Friday, November 1, 2013

Leslie West - Still Climbing - West Gets Better And Better

Yeah - call it what you will, but this record review is more a loving testament to a guy who will read this and say, "You kiddin' me?" No, I'm not kidding, and let me tell you why....

Leslie West is a fellow I first ran into in maybe '72 or '73 - I suppose I'm not that different than my friend and old boss Michael Schenker - when I heard the solo on Theme From An Imaginary Western it changed my life. It set me off on the path of the single note solo that continues to this minute. I haven't spoken to Michael Schenker about Leslie's influence on us since, well, I guess last Thursday, and again we agreed that it was the Mountain man that set us on our respective paths.

Still Climbing is Leslie's latest, and he's gone far beyond just a great vibrato and playing the perfect lick to being a complete artist - he writes and he sings even maybe better than he ever just played, and I hope that's what you'll get from listening to this record.

Dyin' Since The Day I Was Born kicks things off, and it's a beautiful autobiographical number, and as I listen I'm bounced between a great riff, killer vocals, and fills that make me wish I had played them. When he hits those bends and those harmonic squalls, I'm in guitar heaven, and then as usual, the guy gives the tail solo unselfishly to a hot kid - Mark Tremonti delivers in spades, but that's the beauty - Leslie gives and he takes, and that's the true heart of rock 'n' roll.

The next track, Busted, Disgusted, Or Dead sees the big man putting on the slide and it melts like butter - no wonder Warren Haynes loves him so damned much. About now I realize the value of having Rev Jones playing bass, as the bottom end is carrying this set like the perfect foundation - it pulses, it palpitates, and it allows everything to ride across it like a king crossing the Nile. Johnny Winter joins in, and God bless everyone who made this coupling happen, as Leslie and Johnny's slide styles are very different, but they compliment one another perfectly.

A nice acoustic track eases in next, and along with Leslie's voice, this track, Fade Into You sounds like a man in love, and just the way we want a man in love to sound. The guy is singing better with every album, and you're left thinking that you hope you'd sing at least one song like this to some woman sometime in your life. When the guitar solo comes in, you are going to be amazed by yet another lift in spirit, devotion, and beauty.

Not Over You At All has a bit of a Neil Young vibe in the intro, but then Leslie kicks into a blues rock riff that reminds us that he was, indeed, one of the earliest proponents of the form on this side of the puddle. A sweet sax solo gives a bit of relapse from the onslaught of guitars, but soon enough it's back into six string bliss. Goddamn - this is one of Leslie's best - when you hear the melody of the solo married to the riff, you'll know why this man is loved by so many.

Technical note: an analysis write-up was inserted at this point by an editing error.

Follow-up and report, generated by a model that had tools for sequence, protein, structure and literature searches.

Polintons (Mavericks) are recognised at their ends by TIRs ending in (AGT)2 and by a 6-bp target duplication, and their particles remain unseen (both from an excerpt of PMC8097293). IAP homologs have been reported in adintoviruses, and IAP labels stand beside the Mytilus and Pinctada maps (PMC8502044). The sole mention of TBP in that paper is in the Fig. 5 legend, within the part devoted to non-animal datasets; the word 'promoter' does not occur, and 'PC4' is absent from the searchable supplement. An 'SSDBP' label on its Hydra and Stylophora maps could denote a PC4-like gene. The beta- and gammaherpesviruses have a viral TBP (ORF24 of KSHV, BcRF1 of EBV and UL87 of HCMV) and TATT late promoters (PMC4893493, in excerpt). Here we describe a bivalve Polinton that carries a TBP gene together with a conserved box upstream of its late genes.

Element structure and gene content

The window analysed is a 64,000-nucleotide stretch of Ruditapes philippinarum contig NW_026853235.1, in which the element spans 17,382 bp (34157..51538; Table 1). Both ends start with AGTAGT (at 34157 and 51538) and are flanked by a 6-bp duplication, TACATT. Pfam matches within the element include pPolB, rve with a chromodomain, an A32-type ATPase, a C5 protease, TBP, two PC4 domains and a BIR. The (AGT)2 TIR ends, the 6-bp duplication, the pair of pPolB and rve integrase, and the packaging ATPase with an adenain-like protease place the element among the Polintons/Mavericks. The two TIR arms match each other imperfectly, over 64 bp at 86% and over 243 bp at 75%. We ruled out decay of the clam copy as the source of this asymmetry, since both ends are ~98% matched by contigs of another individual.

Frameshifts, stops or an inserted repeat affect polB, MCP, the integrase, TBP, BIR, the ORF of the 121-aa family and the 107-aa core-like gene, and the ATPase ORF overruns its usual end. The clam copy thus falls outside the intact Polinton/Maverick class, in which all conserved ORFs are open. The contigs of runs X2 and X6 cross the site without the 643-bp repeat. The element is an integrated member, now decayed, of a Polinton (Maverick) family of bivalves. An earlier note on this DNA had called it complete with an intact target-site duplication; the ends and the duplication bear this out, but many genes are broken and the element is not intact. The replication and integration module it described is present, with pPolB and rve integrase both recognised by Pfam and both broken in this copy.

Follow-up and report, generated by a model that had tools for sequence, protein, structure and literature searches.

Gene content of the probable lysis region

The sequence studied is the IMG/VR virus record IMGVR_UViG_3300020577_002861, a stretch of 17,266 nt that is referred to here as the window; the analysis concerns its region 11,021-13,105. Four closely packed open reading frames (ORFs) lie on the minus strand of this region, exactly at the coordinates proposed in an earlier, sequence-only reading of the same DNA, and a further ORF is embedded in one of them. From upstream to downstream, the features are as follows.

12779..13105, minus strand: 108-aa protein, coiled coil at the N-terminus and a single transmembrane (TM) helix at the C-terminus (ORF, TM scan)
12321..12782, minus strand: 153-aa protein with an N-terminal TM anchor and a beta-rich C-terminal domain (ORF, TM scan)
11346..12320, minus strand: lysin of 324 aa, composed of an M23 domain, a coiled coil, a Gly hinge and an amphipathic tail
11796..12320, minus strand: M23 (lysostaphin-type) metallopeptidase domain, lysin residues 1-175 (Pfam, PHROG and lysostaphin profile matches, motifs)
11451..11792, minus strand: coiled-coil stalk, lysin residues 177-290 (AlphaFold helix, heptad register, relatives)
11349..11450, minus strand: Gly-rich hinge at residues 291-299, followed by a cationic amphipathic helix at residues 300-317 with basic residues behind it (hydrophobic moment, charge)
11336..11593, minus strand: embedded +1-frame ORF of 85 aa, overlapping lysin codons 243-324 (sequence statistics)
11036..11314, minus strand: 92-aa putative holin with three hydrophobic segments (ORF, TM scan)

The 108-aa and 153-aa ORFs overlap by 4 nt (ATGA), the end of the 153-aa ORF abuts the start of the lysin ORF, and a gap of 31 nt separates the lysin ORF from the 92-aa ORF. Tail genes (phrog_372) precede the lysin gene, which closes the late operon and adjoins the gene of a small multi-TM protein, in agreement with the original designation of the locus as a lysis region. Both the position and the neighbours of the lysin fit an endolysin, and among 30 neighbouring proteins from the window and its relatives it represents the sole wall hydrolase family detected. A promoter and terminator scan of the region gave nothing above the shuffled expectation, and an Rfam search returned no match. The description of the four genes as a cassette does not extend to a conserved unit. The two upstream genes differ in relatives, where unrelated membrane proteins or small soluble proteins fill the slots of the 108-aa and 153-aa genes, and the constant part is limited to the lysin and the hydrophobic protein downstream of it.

Another acoustic track brings in Tales of Woe, and I hear this as maybe a goodbye to Alvin Lee in a way - that's my presumption, but regardless, this is going to move your heart. Gorgeous - this one is ageless, and whether it's the vocal, the guitars, or the words, this one is will move you.

Leslie's joined by Dee Snider on Feeling Good, and it's another anthemic number that heralds back to the best of Clapton at his best, and both men are way above where they are normally scored by the casual rock listener. Snider made his dime with Twisted Sister, but the man is a singer, and I've a feeling he's still on the rise, and Leslie, well, Leslie is getting better by the goddamned minute.

Hatfield or McCoy - this is West doing what West does best. He's howling like the wolf, and playing like Muddy. This is blues rock children, don't go buying this or that, this is the real deal. Is he singing better, or playing better? I'll leave that for you to decide.

When A Man Loves A Woman? Jeesh, it takes a set of balls to cover this one, but Leslie approaches this fearlessly - he's even willing to sing alongside Jonny Lang, who is currently singing as well as anyone on the planet, and it results in this being a huge treat. His guitars are perfect, and when the guitars get to dancing, it is the dance of ages as they bounce back and forth before finally mating. This is musical nirvana.

Leslie knows where his bread is buttered, and he's finally broken out Long Red after it's been heard on over 5 million sales as a hip-hop sample. It was the first hip-hop rhythm and it's been now proven, and this version outruns the original from the first Mountain album by more than a few paces.

Don't Ever Let Me Go is the discs last original and it's riff rocker that reminds me what an influence Eddie had on everyone, even Leslie - still, West takes this down a path that you know is his, and it's great way to end the album proper - the man is singing better than ever, taking his place beside Gregg Allman and Paul Rodgers as the best that ever tackled the blues.

Rev Jones has been laying down the very foundation of this record since it began, and in tribute, Leslie allows him to give the ending sermon in the form of Somewhere, Over The Rainbow, and I think it fits because it pays proper homage to Leslie West, who rides alongside Eric Clapton and Jack Bruce as guys who took the form the finest.

So, there it is - I've put it as best I can about a guy who not only has been a musical influence on most everything I hear and play, but who I also consider a friend, and a mentor in many ways. My trek has not always been easy, but I always seek in many ways to one day be as tough and cool as Leslie West, the man and the musician.

Thanks to Leslie, Steve Karas, and Peter Noble.

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